This article by Dr. Tony Di Giacomo originally appeared on River Journal.
On the Road to College, we have opportunities to start the year anew. January 1st is always a good feeling as adults, as we look forward to a new year with goals and aspirations to be better, to do better. For students, albeit with some reluctance, the start of the school year marks a time for personal and intellectual growth. To make the most of this special time of year when everyone starts with a clean slate, there are some tools for our Back to School Toolkit to discuss and utilize.
The first tool is the overall understanding of study skills. That is, whether high performing or struggling, all students have room to improve. High performing students may be stressed due to both internal and external expectations and not always as efficient as they can be. Struggling students often are not sure how to improve. In both cases, more of the same is not the solution. As parents, we must ensure our children have the skills they need, not just an expectation of results. When we focus on input, we often get the output we desire. So, the key to using this tool well is to have a student account for when they study, and how much time on task they truly spend. Moreover, do they spread out their work over time?
The Three R’s
The second tool in our BTS Toolkit is teaching the three R’s: Retention, Relationships, and Responsibility. To retain, or remember, it’s best to follow a routine, identifying as they move forward topics or concepts they do not understand, so that they do not move forward with an accruing deficit. Moreover, they can create or modify Quizlets in advance, so they can focus on memorizing what they have now learned. To make the most of retention, having a concept of being responsible for what they are taught is critical. With this attitude, they can act like investigative journalists putting pieces of the puzzle together, actively pursuing vs. passively waiting. The third major key to this tool is relationships. Teachers are a wonderful and often underutilized resource. Before considering hiring a tutor, ensure the student is using Khan Academy to review topics taught in class and seeing the teacher regularly. Most teachers chose their profession out of passion, and students may need reminders that having strong rapport and communicating expectations and concerns is the important third R.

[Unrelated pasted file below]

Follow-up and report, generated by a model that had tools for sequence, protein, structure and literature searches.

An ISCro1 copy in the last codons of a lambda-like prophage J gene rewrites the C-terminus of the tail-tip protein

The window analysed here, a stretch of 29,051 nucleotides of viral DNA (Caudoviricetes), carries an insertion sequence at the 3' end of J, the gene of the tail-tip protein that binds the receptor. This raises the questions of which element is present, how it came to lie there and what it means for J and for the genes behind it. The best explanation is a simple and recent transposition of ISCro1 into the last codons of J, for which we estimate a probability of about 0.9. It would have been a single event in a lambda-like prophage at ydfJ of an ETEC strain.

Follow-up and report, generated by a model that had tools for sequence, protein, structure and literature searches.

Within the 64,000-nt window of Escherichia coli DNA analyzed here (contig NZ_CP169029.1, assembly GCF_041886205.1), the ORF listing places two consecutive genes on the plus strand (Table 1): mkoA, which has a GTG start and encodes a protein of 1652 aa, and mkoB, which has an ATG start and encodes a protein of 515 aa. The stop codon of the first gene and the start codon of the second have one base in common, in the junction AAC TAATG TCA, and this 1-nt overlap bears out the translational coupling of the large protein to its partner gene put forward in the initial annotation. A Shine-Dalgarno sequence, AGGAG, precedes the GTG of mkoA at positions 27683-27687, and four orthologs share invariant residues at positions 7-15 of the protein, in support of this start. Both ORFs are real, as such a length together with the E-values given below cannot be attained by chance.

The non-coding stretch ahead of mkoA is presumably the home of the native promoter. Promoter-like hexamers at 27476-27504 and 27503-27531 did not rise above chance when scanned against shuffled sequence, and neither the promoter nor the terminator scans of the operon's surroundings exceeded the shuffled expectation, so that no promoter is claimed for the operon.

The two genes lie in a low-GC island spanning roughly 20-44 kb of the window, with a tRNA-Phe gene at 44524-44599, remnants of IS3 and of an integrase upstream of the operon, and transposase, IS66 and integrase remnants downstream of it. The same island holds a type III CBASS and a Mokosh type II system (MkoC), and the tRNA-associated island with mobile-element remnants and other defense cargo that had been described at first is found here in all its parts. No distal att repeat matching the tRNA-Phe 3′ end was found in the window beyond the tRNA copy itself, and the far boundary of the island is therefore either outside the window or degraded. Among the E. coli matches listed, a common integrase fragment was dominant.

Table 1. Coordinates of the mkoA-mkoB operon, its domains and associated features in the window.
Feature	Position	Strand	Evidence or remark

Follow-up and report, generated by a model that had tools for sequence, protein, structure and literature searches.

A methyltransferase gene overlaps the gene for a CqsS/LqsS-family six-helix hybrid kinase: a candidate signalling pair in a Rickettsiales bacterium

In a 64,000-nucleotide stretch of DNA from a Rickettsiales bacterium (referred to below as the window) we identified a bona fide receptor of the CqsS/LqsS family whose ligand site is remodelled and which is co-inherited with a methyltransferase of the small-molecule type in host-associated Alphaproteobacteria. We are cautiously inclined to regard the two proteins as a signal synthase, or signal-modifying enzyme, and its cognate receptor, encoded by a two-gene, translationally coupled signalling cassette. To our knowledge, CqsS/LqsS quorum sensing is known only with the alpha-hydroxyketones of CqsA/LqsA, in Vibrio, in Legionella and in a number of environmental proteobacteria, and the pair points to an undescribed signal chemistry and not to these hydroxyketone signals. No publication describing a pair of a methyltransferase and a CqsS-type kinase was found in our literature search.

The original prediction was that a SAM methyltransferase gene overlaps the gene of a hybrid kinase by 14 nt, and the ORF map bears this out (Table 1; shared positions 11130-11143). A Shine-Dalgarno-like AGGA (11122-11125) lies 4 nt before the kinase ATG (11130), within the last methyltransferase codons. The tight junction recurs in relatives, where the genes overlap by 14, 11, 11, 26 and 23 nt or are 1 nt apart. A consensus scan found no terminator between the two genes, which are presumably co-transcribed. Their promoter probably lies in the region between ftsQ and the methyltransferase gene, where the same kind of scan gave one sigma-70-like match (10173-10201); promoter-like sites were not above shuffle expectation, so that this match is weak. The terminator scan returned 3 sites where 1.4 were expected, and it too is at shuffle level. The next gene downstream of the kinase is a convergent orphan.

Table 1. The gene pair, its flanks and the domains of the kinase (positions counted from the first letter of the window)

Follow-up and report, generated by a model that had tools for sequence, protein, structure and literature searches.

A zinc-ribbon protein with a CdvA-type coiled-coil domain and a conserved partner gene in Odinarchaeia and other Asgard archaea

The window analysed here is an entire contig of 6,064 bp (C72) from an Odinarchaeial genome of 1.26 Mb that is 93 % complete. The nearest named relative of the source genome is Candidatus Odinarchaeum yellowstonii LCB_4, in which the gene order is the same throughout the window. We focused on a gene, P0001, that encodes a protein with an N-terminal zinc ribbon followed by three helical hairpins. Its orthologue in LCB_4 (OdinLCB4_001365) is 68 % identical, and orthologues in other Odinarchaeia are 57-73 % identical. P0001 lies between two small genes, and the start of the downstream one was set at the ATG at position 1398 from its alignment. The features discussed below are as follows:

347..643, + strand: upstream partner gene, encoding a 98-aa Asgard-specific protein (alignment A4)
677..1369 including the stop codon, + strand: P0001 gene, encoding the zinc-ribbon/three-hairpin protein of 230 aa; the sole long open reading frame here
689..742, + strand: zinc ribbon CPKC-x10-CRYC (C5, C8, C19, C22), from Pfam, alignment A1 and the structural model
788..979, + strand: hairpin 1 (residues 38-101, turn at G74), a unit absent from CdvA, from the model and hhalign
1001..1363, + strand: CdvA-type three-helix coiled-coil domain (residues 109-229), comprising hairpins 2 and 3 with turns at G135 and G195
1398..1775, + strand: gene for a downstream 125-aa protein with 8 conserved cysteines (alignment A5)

The third tool in our Toolkit is grade goals. For every quarter, students should have a grade goal for each subject. They should set the goal given last year’s grade, but also be slightly aspirational. For subsequent quarters, do not simply continue raising the goal without purposefully exploring what inputs must change to get different outputs. These goals can also be mindful of future courses for which your child may be eligible. Remember, the most elemental and important component of any college application is the rigor of coursework and of course the grades in these courses. So, plan ahead!
The fourth and final tool in our Toolkit is communication. One pattern I have observed is the often intense and passionate lectures by parents in hopes of better results, replete with cautionary tales of what may come. Most middle and high school students have not yet had to truly struggle and cannot conceive of the future in a palpable way as adults can. Moreover, does asking, “Why did you not do X?” really create the change in study habits and results you desire? While parents’ hearts are in the right place, students live in the what not the why. Instead of asking why, ask them what they can do differently if a different outcome is expected. Also, vary the communication regarding school. Students often recede into a hermit-crab-like shell of indifference and attitude when the topic of school comes up, bracing for the lecture, and limiting information sharing to reduce the intel that will be used against them. Instead, help them understand how to construct the time of their day, how to spread out work, how to remove digital distractions until homework is done, and how to focus on input to get better output.
On the Road to College, we as parents do better with the right tool for each job and must continue learning and adapting as our children grow. Given enough room, and with the right tools, our children can often surprise us in their capacity to change for the better.
I’ve created a series of videos that can help you and your kids on the Road to College. You can find them on the Novella Prep YouTube channel.